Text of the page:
By now it had started to rain which adds a little angst to the events as we do line up outside each venue prior to the concert beginning. I have Premier seating which means my group goes in second behind the VIPS. However, I still got wet outside St. John’s Cathedral. The band I was seeing was Wayne Horvitz Gravitas Quartet which consisted of Horvitz on piano, a cello, a bassoon and a trumpet. This is sonic sound (think ECM label) but it was magnificent, especially in that setting.

Wayne Horvitz (festival photo)

Because of the rain, I skipped the later shows and headed back to my hotel (only two blocks from St. John’s) and watched the Wisconsin Badgers NCAA game. 

Saturday, March 23, 2024

Today I had breakfast at a new place for me, Frothy Monkey on Gay Street. 

My musical day started with one of the greatest things I have experienced at Big Ears: Trio Mediaeval at St. John’s Cathedral. Three women (Linn Andrea Fuglseth, Anna Maria Friman, Jorunn Lovise Husan) whose voices were unamplified, sang the music of Norwegian great Hildegard von Bingen. At one point the trio came down the center aisle and stood right next to me which was so cool. I cannot even begin to explain the emotional impact these performers had on me. Amazing.

Trio Mediaeval (festival photo)

I hiked over to the Knoxville Civic Auditorium to see Kronos Quartet: Five Decades (David Harrington (violin), John Sherba (violin), Hank Dutt (viola), and Paul Wiancko (cello). The concert was great but the big announcement was that after 45 to 46 years, John and Hank are retiring in June. The best news is that David and Paul are going to continue the work with two new musicians. 

I sampled the JJJJJerome Ellis at St. John’s but it was not to my taste so that freed me to head over to the Tennessee Theater for Dave Holland Quartet (Kris Davis, Jaleel Shaw, Nasheet Waits). This powerful set was dynamic as all the musicians proved aggressive but to watch Holland play the bass is something else to hear and see. 

Dave Holland Quartet (festival photo)

Now I had time to eat a quick burger at my hotel before going to the Knoxville Civic Auditorium to see Herbie Hancock. This concert was a feel good experience as Herbie appeared to be thrilled to be with us and chatty as all hell (including an extended dialog with the audience thought his voice altering software). The concert was like seeing music made at the Smithsonian as Herbie has a tendency to use the old stuff (which did not in any way diminish the sound) like a white keytar. The band was awesome and why not--look at this line: Terence Blanchard (Trumpet); Devin Daniels (Saxophone); James Genus (Bass); Trevor Lawrence, Jr. (Drums) and Lionel Loueke (Guitar).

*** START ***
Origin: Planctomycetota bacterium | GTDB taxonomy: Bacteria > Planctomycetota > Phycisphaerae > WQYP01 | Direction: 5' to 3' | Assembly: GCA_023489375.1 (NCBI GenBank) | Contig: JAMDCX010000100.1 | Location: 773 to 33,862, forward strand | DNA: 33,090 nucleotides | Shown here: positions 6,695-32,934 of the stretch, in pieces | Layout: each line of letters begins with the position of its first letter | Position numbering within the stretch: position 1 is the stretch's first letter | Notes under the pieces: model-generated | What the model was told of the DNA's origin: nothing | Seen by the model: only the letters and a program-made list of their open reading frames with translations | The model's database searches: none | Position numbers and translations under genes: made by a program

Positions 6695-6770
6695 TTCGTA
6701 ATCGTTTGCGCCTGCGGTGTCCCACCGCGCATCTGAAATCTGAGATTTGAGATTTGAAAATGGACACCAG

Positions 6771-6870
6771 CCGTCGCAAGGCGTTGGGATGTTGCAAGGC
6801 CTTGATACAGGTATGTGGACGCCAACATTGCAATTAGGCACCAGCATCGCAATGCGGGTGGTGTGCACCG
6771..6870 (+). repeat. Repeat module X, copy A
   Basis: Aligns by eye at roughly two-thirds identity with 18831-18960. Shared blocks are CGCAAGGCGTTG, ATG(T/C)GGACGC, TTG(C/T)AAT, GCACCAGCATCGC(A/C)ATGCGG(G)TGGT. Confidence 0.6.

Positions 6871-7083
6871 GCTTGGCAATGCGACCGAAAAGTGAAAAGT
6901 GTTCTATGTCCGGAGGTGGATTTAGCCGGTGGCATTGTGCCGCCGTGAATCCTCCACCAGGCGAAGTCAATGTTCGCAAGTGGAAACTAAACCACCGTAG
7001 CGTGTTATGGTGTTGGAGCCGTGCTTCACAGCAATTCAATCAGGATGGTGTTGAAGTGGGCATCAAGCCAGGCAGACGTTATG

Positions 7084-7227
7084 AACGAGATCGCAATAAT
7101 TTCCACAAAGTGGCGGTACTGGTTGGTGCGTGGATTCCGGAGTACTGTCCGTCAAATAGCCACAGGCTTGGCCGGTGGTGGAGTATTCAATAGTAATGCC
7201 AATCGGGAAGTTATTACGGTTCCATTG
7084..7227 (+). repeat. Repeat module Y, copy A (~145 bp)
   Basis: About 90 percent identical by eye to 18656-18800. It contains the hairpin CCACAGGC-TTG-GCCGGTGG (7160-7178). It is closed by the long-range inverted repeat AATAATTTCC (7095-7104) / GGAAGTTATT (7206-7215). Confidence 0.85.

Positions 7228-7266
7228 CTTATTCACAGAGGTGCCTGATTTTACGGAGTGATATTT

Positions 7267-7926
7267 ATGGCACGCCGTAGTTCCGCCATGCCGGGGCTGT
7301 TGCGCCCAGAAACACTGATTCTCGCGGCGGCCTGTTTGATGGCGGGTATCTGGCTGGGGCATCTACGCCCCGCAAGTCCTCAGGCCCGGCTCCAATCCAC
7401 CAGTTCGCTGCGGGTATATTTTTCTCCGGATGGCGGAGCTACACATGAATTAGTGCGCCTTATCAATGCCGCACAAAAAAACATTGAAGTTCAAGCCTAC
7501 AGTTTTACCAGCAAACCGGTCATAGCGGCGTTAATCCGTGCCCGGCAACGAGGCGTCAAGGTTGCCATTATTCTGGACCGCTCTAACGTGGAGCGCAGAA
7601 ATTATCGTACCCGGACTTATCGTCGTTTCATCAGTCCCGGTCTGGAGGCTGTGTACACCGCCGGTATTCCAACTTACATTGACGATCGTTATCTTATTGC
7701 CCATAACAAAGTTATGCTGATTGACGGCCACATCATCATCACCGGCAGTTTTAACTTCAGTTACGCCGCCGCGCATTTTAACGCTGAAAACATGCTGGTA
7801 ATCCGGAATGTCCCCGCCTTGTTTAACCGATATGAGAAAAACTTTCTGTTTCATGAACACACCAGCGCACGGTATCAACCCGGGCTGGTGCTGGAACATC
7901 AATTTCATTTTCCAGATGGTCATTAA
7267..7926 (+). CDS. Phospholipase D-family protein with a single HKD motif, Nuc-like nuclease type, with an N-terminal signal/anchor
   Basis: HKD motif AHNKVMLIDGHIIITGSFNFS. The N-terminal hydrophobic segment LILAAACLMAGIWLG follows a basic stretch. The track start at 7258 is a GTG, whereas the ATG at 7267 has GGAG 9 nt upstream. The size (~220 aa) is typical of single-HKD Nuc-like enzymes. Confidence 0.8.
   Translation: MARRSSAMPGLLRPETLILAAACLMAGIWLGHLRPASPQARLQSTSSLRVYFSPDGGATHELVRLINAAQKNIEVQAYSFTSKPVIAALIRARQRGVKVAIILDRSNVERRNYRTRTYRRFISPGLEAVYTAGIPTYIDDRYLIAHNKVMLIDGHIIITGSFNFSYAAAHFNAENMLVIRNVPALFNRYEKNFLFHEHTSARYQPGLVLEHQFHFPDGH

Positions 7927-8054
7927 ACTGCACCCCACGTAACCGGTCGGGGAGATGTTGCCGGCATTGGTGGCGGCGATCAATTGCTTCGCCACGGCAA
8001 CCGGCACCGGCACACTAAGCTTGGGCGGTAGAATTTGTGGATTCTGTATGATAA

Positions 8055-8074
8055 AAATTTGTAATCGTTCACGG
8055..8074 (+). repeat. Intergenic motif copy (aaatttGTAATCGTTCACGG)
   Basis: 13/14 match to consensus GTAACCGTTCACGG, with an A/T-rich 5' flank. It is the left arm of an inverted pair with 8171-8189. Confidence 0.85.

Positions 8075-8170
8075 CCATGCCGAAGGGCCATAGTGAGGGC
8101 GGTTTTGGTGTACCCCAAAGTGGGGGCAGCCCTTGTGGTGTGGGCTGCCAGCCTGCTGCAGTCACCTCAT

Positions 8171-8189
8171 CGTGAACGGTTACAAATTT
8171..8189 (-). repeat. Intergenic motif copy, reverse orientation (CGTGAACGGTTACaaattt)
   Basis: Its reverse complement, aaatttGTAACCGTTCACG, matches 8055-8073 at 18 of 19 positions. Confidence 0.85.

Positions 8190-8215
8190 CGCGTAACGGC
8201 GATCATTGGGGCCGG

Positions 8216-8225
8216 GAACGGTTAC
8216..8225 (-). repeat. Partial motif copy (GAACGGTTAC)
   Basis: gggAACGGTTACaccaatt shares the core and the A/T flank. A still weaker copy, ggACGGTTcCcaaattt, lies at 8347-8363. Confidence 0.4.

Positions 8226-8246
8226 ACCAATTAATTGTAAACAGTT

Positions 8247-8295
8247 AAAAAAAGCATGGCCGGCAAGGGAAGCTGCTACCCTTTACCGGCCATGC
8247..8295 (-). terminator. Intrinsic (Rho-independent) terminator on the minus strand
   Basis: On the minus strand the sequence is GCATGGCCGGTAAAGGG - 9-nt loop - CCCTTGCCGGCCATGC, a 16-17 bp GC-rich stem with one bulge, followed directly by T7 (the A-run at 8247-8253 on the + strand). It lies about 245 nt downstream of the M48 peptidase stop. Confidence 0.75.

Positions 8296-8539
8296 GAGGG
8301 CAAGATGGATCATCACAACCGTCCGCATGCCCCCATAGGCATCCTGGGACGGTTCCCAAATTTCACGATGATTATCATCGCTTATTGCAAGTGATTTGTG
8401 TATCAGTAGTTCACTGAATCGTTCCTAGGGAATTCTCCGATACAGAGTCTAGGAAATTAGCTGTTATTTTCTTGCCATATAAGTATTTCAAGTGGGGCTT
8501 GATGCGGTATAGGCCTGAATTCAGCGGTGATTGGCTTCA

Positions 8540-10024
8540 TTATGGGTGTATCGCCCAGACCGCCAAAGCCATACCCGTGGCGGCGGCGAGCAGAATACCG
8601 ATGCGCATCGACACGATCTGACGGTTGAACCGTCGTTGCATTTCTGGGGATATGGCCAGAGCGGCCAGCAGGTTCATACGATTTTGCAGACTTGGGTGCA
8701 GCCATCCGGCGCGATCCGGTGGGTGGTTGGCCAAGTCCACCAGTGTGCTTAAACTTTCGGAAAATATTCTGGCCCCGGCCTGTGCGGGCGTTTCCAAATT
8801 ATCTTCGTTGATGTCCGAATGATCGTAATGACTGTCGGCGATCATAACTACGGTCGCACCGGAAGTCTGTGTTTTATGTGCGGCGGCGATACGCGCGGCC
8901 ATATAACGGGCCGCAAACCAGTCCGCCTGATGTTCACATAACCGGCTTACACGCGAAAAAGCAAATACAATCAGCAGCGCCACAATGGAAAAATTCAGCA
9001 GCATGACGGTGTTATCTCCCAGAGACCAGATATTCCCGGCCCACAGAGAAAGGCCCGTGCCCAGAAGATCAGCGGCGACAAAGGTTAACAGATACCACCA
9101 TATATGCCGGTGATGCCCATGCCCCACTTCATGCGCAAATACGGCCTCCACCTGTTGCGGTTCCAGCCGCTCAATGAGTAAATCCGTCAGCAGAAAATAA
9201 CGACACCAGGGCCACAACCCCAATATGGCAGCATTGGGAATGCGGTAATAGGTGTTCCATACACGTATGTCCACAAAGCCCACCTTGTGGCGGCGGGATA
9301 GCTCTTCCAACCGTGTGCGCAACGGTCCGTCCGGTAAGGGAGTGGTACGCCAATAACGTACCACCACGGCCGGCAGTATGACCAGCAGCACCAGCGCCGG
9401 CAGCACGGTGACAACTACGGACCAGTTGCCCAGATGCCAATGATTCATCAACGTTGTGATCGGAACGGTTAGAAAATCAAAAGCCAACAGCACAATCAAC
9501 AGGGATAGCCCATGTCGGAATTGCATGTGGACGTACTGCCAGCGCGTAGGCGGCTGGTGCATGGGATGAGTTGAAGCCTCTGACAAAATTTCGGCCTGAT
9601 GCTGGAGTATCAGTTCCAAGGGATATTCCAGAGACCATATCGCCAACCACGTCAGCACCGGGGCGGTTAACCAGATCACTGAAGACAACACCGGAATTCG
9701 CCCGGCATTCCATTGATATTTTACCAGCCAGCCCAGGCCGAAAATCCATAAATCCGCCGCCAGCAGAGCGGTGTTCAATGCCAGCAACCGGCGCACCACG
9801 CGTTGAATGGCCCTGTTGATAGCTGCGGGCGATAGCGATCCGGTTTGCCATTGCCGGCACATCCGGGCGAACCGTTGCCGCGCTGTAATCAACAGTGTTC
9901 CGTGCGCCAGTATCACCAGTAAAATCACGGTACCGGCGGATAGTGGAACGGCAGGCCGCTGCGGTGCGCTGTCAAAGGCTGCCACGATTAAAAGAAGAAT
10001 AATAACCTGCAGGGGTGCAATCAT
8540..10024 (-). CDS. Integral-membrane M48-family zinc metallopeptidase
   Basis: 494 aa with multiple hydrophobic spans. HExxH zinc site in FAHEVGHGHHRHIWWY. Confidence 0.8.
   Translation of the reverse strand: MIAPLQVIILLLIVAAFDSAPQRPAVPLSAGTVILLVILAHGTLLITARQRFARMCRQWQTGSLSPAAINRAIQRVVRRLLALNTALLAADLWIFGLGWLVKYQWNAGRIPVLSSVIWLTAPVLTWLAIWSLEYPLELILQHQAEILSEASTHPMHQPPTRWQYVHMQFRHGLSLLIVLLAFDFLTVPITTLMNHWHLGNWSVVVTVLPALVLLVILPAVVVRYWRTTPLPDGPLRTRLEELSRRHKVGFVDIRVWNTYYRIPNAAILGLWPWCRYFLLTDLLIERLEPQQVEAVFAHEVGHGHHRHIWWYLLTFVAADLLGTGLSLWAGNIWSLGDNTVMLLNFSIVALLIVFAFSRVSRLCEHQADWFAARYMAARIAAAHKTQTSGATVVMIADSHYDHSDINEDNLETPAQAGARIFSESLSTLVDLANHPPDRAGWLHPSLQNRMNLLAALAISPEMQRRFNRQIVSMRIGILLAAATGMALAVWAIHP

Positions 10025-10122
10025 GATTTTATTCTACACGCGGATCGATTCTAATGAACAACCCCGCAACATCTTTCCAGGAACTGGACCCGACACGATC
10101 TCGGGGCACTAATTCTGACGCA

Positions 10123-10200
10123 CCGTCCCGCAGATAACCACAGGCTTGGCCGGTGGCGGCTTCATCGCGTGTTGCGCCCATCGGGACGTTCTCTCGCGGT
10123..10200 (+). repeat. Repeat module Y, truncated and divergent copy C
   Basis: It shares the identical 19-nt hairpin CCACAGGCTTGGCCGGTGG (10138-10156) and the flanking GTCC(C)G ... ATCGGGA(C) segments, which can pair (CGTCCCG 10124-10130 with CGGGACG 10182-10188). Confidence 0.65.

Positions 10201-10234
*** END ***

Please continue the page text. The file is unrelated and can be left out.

Herbie Hancock (festival photo)

Despite all of this, there was still a little time to get back to the hotel to see the last NCAA game of the day. 

Sunday, March 24, 2024

Today it was in the 30s when I woke up so the decision was easy to eat breakfast in the hotel restaurant. 

My first show today was a unique performance by Davone Tines and THE TRUTH at the Tennessee Theater. Davone is an operatic singer and a major talent. His performance art added to the show but his voice was definitely one of the unique things I hear a this festival.

Davone Tines festival photo

My second show of the day, also at the Tennessee, was the saxophonist Henry Threadgill backed by pianist Vijay Iyer and drummer Dafnis Prieto.  I am going to be honest: Threadgill was showing all of his 80 years. However, the accompanying musicians made up for as both piano and drums were awesome in the solos. 

Henry Threadgill festival photo

The last show of the day for me was also at the Tennessee Theater: ballad singer Joe Henry backed by the Julian Lage Trio (Lage on the guitar; Jorge Roeder on bass; Dave King on the drums). This was a nice feel good way to end the long weekend and I enjoyed the approachable songs very much.

Then it was back to my hotel room to pack for tomorrow’s departure and to catch the last of the NCAA games on TV. 

Monday, March 25, 2024

Having packed the night before I was able to be on the road by 6:00 a.m. (CST) for the ten hour drive home. This was just federal highways all the way with limited stops. I was home by 4:00 p.m. and Denice had a nice home cooked meal ready for her weary traveler.

I had a great time in the city of Knoxville and plan on returning next year. Other than Trio Mediaeval there was no acts that blew me away but all the music was interesting and delivered in great venues with good sound. 

I guess I officially have Big Ears. 

Mileage for the day: 637

Mileage for the trip: 1563